So I’ve got a rather large review for you today, it’s got almost 60 pictures and screenshots in it, so yeah it’s kinds long. What I have for review today is the Odys Wave Media player which has a 4gb capacity. I’ve never heard of Odys, but there are plenty of companies out there I’ve never heard of I’m sure. I’m always up for something new, so this work fine with me. The Odys Wave is a media player, and by that I mean it can not only play music but videos, and eBooks, it can also take pictures and videos with the built-in camera and there’s even a calculator and stopwatch built-in. The player can also work as a recording device to take with you for school lectures or whatever. So read on to check it out….
WAVE Media Player & Camera – MP3-Player, Video Player, USB-Disc, Digital Voice Recorder – Integrated Digital Photo and Video Camera (VGA) – Supports MP3, WMA, WAV, JPG, BMP, GIF, AVI – Music Management, Sorting by Album, Genre, Artist. – E-Text Reader with Auto Scrolling, Bookmark – Built-in Rechargeable Li-Polymer Battery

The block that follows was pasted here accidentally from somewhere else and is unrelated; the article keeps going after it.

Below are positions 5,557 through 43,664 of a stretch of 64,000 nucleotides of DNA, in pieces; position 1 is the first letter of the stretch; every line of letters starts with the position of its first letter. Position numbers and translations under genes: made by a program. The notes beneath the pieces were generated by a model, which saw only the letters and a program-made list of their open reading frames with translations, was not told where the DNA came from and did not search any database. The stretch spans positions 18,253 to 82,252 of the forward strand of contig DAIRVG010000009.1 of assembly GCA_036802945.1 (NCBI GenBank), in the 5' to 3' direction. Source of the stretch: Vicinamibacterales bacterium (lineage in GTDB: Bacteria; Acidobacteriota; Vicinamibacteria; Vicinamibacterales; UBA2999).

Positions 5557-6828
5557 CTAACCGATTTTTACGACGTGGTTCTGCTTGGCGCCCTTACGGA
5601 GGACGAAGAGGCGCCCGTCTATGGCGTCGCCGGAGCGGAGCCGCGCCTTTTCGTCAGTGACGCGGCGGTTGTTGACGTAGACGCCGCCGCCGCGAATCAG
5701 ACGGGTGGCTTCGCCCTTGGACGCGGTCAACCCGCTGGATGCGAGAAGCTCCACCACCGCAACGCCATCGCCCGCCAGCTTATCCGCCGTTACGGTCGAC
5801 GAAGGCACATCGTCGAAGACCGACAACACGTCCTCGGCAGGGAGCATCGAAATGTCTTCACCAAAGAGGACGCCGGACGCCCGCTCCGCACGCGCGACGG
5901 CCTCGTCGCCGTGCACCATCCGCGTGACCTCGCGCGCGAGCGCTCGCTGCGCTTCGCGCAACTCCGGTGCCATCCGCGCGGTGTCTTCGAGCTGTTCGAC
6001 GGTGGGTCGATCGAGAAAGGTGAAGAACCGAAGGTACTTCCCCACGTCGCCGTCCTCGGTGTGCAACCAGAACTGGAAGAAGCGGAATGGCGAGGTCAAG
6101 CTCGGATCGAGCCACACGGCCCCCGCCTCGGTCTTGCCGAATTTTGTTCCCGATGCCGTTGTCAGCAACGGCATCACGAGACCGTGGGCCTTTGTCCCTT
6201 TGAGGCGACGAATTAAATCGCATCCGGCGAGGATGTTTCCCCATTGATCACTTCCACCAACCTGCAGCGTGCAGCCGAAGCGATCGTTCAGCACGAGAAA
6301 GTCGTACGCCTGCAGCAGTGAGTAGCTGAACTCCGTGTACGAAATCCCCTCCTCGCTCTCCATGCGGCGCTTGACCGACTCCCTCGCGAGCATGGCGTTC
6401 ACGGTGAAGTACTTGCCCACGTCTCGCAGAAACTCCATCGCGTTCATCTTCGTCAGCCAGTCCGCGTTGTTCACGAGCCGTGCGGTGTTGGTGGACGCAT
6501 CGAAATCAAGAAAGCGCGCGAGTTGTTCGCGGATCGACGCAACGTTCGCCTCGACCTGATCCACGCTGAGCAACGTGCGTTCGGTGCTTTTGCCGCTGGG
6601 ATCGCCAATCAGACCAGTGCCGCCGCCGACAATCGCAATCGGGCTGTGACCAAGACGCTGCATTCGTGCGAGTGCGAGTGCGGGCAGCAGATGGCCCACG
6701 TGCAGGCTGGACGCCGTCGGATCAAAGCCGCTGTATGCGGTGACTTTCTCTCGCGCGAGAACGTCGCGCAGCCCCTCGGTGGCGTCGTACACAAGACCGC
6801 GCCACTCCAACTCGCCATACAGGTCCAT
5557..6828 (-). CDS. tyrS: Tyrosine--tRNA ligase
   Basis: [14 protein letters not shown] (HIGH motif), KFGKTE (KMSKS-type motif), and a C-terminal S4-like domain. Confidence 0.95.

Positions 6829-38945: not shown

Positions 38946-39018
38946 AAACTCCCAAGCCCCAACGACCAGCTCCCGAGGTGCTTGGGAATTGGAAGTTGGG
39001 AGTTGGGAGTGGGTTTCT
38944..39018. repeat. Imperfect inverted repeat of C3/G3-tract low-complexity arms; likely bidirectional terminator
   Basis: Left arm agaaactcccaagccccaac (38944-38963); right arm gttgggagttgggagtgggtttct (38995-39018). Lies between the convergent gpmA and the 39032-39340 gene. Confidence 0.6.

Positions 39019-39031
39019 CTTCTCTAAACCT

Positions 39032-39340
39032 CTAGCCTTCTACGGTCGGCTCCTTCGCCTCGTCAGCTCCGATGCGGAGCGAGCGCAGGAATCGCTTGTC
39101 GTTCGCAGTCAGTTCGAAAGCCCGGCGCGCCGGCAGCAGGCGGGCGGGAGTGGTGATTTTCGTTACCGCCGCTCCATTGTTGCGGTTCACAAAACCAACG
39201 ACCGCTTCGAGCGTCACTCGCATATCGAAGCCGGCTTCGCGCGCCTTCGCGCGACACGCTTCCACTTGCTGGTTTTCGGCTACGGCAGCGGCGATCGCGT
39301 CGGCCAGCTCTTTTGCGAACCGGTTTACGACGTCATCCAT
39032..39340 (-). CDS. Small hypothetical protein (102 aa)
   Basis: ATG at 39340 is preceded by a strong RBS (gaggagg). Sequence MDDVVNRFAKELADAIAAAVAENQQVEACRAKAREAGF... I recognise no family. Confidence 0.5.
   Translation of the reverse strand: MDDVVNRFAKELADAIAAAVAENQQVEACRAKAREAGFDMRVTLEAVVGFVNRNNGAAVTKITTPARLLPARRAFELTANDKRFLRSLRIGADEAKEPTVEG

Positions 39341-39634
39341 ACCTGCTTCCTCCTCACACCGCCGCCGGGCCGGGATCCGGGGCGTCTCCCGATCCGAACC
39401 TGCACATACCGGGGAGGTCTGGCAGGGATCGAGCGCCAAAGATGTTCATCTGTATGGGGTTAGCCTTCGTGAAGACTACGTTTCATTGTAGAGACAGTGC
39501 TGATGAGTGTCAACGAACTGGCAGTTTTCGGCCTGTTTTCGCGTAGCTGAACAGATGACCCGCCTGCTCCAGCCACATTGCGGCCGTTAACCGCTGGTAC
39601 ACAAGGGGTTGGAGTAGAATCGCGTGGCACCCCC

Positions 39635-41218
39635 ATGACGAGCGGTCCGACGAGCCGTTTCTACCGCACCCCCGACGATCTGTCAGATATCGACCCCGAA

– Display: Display Art – TFT/LCD Touch Screen – No Size (cm) – 4,6 Display Type – Picture / Text
– Equipment: Radio – No Earplug – Yes Interface – USB 2.0
– Power Supply: Rechargeable Battery – Lithium Polymer Integrated Rechargeable Battery – Yes Charge over USB – Yes Power Pack – No Max. Music Playback Time (hours) – 7
– Operating System: Windows ME – Yes Windows 2000 – Yes Windows XP – Yes Windows Vista – Yes Windows 7 – Yes MAC – Yes
The Odys Wave media player comes in a small plastic box and the instructions were packaged on the side.
Here’s a couple views for the box for you: